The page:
IoC provides a mechanism to break the coupling you get when an object calls 'new' on another class. This coupling ties the calling object with the instantiated implementation of whatever interface it implements.
In static languages when you reference a class by name (to call
In dynamic languages calling
This subtle difference means that in a dynamic language you can usually change what
However, personally I find there are two advantages to IoC that I don't get by relying on the dynamic language to allow injection.
One of the side effects of passing dependencies in through constructors is that you end up with "building block" classes that are very decoupled, reusable and easy to test. They have no idea what context they are intended to be used in, so you can reuse them all over the place.
The other result is having explicit code to do the wiring. Done correctly this cleanly represents the structure of your application and it's decomposition into subsystems and life-cycles. This makes people explicitly decide which life-cycle or subsystem they want to associate their class with (when writing the wiring code), and concentrate on the behavior of the object when writing the class.
Like Jörg W Mittag said.. "Those tools are unnecessary, the design principles aren't." I believe they are unnecessary, but done right, still valuable.
I have a different opinion. I think IOC containers certainly have a role in dynamic languages.
I do not share the opinion that a language being dynamic removes the need for a clearly structured composition of objects. Or that a dynamic language 'provides' the same functionality.
An IOC container is simply a tool to manage this organization.
Even in a dynamic language I want to 'wire' together components. Without making hard dependencies between those components. Or maybe even without specifying the actual implementation class for those components.
Because they are already built into the language.
An IoC container provides two things:
Dynamic binding is already part of the dynamic language and the dynamic language is already a dynamic language. Therefore, an IoC container simply doesn't make sense: the language is already an IoC container.
Another way to look at it: what is it that an IoC container allows you to do? It allows you to take independent components and wire them up together into an application, without any of the components knowing anything about each other. There is a name for wiring independent pieces together into an application: scripting! (That's pretty much the definition of scripting.) Many dynamic languages happen to also be pretty good at scripting, therefore they are perfect as IoC containers.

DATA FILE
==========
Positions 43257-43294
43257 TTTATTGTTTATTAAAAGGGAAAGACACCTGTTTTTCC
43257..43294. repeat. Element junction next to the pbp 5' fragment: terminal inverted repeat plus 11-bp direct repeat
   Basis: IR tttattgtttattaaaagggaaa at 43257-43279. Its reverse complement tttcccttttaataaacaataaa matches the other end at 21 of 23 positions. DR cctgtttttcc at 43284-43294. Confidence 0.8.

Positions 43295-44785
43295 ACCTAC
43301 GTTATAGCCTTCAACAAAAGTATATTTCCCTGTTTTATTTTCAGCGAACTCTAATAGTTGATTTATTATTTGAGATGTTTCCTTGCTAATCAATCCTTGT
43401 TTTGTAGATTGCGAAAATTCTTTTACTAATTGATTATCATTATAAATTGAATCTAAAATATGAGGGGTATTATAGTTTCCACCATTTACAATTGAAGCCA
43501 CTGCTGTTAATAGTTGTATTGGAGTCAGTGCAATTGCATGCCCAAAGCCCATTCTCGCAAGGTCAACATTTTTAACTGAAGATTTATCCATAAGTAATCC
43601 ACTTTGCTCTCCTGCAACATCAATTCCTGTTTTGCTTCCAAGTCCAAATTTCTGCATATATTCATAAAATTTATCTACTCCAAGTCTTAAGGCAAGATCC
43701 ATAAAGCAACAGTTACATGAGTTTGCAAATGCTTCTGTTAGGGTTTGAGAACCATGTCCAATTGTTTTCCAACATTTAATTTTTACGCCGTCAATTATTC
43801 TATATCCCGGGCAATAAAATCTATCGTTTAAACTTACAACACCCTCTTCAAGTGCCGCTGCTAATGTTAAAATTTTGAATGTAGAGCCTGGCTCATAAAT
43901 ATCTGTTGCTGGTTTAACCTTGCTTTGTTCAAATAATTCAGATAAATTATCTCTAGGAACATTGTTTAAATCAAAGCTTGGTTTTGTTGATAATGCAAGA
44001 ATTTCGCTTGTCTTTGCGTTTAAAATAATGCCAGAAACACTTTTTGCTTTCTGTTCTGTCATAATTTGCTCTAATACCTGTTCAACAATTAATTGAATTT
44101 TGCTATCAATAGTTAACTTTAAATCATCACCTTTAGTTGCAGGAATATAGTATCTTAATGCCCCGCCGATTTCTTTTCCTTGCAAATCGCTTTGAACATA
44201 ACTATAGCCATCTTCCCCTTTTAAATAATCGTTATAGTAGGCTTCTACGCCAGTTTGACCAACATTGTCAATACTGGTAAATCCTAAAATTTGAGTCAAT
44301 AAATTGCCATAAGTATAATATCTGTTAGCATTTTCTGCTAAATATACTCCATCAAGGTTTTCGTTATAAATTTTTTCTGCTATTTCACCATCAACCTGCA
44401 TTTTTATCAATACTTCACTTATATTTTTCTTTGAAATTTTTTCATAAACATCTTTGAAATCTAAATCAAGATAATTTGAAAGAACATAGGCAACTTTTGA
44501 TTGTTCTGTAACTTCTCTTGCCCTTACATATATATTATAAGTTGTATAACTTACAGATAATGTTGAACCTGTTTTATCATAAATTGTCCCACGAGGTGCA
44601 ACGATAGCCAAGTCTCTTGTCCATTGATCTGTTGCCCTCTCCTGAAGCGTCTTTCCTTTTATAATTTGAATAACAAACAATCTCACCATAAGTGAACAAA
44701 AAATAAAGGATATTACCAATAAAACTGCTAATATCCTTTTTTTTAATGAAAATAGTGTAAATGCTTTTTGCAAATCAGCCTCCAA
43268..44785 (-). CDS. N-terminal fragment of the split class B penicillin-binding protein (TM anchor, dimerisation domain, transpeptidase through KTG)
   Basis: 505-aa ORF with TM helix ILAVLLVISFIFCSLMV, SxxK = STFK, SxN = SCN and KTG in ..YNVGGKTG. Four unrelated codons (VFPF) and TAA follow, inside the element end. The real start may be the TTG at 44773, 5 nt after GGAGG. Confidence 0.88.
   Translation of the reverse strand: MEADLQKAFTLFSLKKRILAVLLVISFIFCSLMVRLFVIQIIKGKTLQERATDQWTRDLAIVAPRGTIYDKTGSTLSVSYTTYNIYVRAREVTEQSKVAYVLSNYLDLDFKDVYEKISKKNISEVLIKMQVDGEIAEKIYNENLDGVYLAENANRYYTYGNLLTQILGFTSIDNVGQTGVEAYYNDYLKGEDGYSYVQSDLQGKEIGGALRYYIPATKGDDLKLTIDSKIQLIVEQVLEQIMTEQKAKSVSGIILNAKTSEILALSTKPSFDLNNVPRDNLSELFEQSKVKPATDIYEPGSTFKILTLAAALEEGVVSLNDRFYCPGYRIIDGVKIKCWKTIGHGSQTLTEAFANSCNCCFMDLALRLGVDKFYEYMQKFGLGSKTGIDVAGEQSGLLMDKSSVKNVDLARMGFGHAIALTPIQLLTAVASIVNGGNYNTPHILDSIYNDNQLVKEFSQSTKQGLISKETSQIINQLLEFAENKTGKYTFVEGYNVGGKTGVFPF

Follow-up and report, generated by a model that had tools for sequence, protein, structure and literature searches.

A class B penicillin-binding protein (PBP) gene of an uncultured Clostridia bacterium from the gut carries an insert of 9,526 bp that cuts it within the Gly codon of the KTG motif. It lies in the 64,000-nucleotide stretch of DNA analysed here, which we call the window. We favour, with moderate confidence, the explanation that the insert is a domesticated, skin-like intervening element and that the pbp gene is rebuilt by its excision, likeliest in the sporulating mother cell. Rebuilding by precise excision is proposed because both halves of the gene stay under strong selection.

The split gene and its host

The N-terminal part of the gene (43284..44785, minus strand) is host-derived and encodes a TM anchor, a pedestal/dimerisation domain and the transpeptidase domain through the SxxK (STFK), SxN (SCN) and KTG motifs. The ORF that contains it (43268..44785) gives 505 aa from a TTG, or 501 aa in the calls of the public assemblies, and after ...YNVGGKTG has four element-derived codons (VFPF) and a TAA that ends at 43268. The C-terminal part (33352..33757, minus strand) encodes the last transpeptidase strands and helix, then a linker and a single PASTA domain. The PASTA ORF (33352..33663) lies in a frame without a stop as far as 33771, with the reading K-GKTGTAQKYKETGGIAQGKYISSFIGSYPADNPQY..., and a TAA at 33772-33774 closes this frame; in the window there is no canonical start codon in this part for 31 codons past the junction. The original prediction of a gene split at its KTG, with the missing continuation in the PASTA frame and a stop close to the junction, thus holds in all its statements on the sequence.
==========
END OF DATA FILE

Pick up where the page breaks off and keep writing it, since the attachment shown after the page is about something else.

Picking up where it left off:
Please note that I am not talking about Dependency Injection or Inversion of Control. DI and IoC are just as important in dynamic languages as they are in static languages, for exactly the same reasons. What I am talking about are IoC containers and DI frameworks. Those tools are unnecessary, the design principles aren't.
I agree with the answers above, but I thought I'd chip in a little bit here too regarding testing:
In complex systems where there are interactions between sub-systems dependency injection is the best way that I'm aware of to do unit testing.
If you have a logic unit X, that has known interactions with logic unit Y, you can create a MockY that has a predefined behaviour and explicitly test the logic of X.
Without dependency injection, writing tests is a nightmare. You cannot get good code coverage. Some frameworks (eg. django) work around this problem by spinning up mock database instances to talk to for tests, etc. but it's basically a poor solution to the problem.
There should be two sorts of tests:
Now to the question: IoC. What is IoC good for? It's handy for a few things, but its really really good for making it easier to use dependency injection:
Into this logic:
Now, why don't we see IOC in many dynamic languages?
I'd say the reason is that we don't see much dependency injection in those languages.
...and that would be because typically the testing done in them is non-existent.
I've heard all kinds of excuses for this; interacting with the DOM makes tests hard, my code is simple enough it doesn't require tests, dynamic languages don't need unit tests because they're awesome and expressive.
It's all nonsense.
There is no excuse for a project without unit tests or unit tests with poor code coverage.
There is an excellent article on DI on the guice website here: http://code.google.com/p/google-guice/wiki/Motivation
There is nothing about dynamic languages that solves any of these problems.
One of the main features of IOC containers is that you can automatically "wire" your modules together at runtime. In dynamic languages you can do this fairly easily without any fancy reflection-based logic. However, IOC containers are a useful pattern that many people understand and it may sometimes be of some benefit to use the same design style. See this article for another viewpoint.
It's naive view on IoC. Usually IoC also solves:
full article You underestimate the power of IoC
IoC containers really allow for a compositional layer in statically typed, procedural/OO languages.
You could probably make a good argument that IoC containers are just a generalization of the Interpreter pattern.
Herding Code 82 (6/6/10) compares Ruby with .NET and includes some detailed discussion on the extent to which .NET needs more IOC/DI than Ruby.